Fattal plans to open nine more hotels in Israel by 2023. Dan Hotels which acquired the Rimonim hotel chain, reported a 90% surge in profit in the first three quarters of 2019. Isrotel also reported higher gross profit, with the company planning new hotels in Tel Aviv and Jerusalem. "In the next decade, we'll open six more hotels in these cities, which will also serve our agenda of strengthening incoming tourism looking for a luxury vacation at an international standard. Occupancy at Isrotel hotels is currently 60/40 in favor of Eilat. We believe that this figure will become 60:40 in favor of central Israel," Isrotel says. The boutique hotel segment is also prospering. The Atlas hotel chain, which has developed hotels mainly in Tel Aviv and Jerusalem, and the Brown hotel chain, which is on an upward trend, are growing.

The chain, which currently has 13 hotels, expects to increase the number of its rooms, with an emphasis on overseas activity (Athens and Germany) within five years. The hostels sector, demand for which is high among the tourists visiting Israel, is also flourishing. In addition to opening new branches (such as Avraham Hostel in Eilat ahead of the Passover holiday), international chains, including Selina Hostels and Meininger Hostels, have signed for properties in Israel. The Ministry of Tourism is offering a program of grants to encourage developers to open hotels, including the conversion of office buildings to hotels. The Ministry of Tourism's goal is to increase the supply of the cheapest hosting, which is currently inadequate. Growth is not restricted to hotels; Airbnb apartments have also been undergoing accelerated growth, with the number of apartments in Tel Aviv alone having already exceeded 10,000 properties. Despite understandable calls for regulation, this sector remains completely open. The biggest beneficiaries are property owners, while the losers are residents for whom fewer rental apartments are available and hoteliers complaining about unfair competition.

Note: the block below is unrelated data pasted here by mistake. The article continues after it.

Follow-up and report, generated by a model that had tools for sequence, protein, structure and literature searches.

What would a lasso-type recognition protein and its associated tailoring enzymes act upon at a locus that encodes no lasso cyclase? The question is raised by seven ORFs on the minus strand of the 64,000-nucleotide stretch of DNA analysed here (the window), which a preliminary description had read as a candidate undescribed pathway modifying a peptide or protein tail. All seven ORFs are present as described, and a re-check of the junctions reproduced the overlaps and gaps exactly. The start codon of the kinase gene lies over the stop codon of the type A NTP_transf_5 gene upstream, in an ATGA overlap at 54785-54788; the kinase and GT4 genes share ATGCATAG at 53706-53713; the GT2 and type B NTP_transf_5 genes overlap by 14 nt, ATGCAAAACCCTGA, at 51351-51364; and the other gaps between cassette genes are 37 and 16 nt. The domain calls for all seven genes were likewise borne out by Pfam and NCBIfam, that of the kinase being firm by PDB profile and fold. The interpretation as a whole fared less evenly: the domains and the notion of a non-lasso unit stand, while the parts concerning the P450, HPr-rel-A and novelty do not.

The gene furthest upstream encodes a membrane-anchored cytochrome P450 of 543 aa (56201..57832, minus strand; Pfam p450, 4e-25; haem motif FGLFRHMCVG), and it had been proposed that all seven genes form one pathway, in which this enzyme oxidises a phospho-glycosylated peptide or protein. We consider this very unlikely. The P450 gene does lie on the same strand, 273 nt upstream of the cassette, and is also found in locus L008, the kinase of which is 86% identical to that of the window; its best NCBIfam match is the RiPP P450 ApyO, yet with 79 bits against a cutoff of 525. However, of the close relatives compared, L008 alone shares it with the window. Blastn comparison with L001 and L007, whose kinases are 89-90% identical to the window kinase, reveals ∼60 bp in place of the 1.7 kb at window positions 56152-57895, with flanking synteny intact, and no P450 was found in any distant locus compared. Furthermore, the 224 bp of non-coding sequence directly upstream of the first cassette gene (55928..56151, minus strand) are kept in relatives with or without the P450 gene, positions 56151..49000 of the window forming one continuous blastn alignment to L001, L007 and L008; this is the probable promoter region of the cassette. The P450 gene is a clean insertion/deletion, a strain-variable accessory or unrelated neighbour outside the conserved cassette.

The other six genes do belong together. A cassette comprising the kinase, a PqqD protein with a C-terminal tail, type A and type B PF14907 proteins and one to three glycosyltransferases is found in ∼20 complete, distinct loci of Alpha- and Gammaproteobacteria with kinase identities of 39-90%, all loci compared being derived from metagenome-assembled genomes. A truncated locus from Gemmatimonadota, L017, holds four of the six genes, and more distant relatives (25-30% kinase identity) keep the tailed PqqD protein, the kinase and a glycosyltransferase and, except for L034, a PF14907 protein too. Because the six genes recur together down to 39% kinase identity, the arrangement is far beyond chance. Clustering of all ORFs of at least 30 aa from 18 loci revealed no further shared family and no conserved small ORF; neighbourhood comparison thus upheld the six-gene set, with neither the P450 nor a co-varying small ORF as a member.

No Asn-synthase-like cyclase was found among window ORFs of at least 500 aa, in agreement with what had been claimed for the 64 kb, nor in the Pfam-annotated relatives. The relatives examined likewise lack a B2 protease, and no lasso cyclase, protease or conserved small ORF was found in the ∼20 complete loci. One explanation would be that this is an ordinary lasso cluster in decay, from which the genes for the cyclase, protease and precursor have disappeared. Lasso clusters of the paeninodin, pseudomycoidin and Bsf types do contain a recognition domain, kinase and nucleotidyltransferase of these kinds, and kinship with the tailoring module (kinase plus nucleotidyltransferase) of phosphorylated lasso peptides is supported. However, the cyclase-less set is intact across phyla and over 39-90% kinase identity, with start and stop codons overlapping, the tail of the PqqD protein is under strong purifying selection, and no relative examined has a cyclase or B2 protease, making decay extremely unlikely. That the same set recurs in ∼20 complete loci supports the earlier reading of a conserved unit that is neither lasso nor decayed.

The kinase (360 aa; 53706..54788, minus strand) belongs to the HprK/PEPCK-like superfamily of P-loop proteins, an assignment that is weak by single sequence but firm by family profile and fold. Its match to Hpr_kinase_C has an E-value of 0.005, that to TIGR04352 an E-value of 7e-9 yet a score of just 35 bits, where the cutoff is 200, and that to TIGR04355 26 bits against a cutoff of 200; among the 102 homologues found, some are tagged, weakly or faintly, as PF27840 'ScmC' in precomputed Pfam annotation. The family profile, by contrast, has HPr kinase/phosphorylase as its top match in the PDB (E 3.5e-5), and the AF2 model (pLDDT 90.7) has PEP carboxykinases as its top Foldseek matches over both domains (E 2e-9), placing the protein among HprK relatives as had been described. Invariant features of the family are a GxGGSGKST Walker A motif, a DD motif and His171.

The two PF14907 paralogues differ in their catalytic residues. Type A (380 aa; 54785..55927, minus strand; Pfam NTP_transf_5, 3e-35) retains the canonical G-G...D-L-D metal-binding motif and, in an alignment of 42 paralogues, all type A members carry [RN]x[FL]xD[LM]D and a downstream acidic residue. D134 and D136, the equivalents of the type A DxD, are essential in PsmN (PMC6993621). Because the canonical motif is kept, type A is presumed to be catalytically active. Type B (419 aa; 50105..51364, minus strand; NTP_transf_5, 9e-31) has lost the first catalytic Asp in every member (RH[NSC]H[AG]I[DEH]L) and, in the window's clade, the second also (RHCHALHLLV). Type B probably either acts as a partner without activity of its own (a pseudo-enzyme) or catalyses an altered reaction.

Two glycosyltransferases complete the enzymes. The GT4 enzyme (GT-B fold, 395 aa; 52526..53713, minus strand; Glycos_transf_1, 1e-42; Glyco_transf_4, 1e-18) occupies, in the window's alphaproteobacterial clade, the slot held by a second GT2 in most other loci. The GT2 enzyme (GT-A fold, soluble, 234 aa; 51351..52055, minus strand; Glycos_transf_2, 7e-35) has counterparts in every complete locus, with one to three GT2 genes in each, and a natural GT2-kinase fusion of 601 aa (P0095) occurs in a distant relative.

Israel is expensive. When will this change?

A report on 2018 by Hatzlacha - The Consumers' Movement for the Promotion of a Fair Society and Economy under the Freedom of Information Law examined the characteristics of the tourists who visited Israel. Unsurprisingly, the report found that tourists focused on Jerusalem (77%) and Tel Aviv (67%). The two sites most visited by tourists were the Western Wall (72%) and the Church of the Holy Sepulcher (52%), followed by the Old City of Jaffa (51%). Half of the tourists were on their first visit to Israel. 55% of tourists came by themselves, and 25% flew on low-cost flights. On a scale of 1 to 5, Israel's value for money rating was 3.8. Businesses in the sector should take note of this figure. On the one hand, despite high prices that always come as a surprise to tourists, the numbers continue to grow. On the other hand, in describing her first visit to Israel, a Bulgarian tourist from Greece said, "Israel is a country to be visited once. It is a charming country, with nice people (except for the amateurish guide assigned to the tour in Jerusalem), and the food is tasty. However, the hotel prices are very expensive. As a tourist, I can't afford to return here." This is a big defect and failure that must be addressed, despite the fine tourism statistics.

Published by Globes, Israel business news - en.globes.co.il - on January 1, 2020

© Copyright of Globes Publisher Itonut (1983) Ltd. 2020

Dead Sea  / Photo: Shutterstock, Shutterstock.com
Dead Sea / Photo: Shutterstock, Shutterstock.com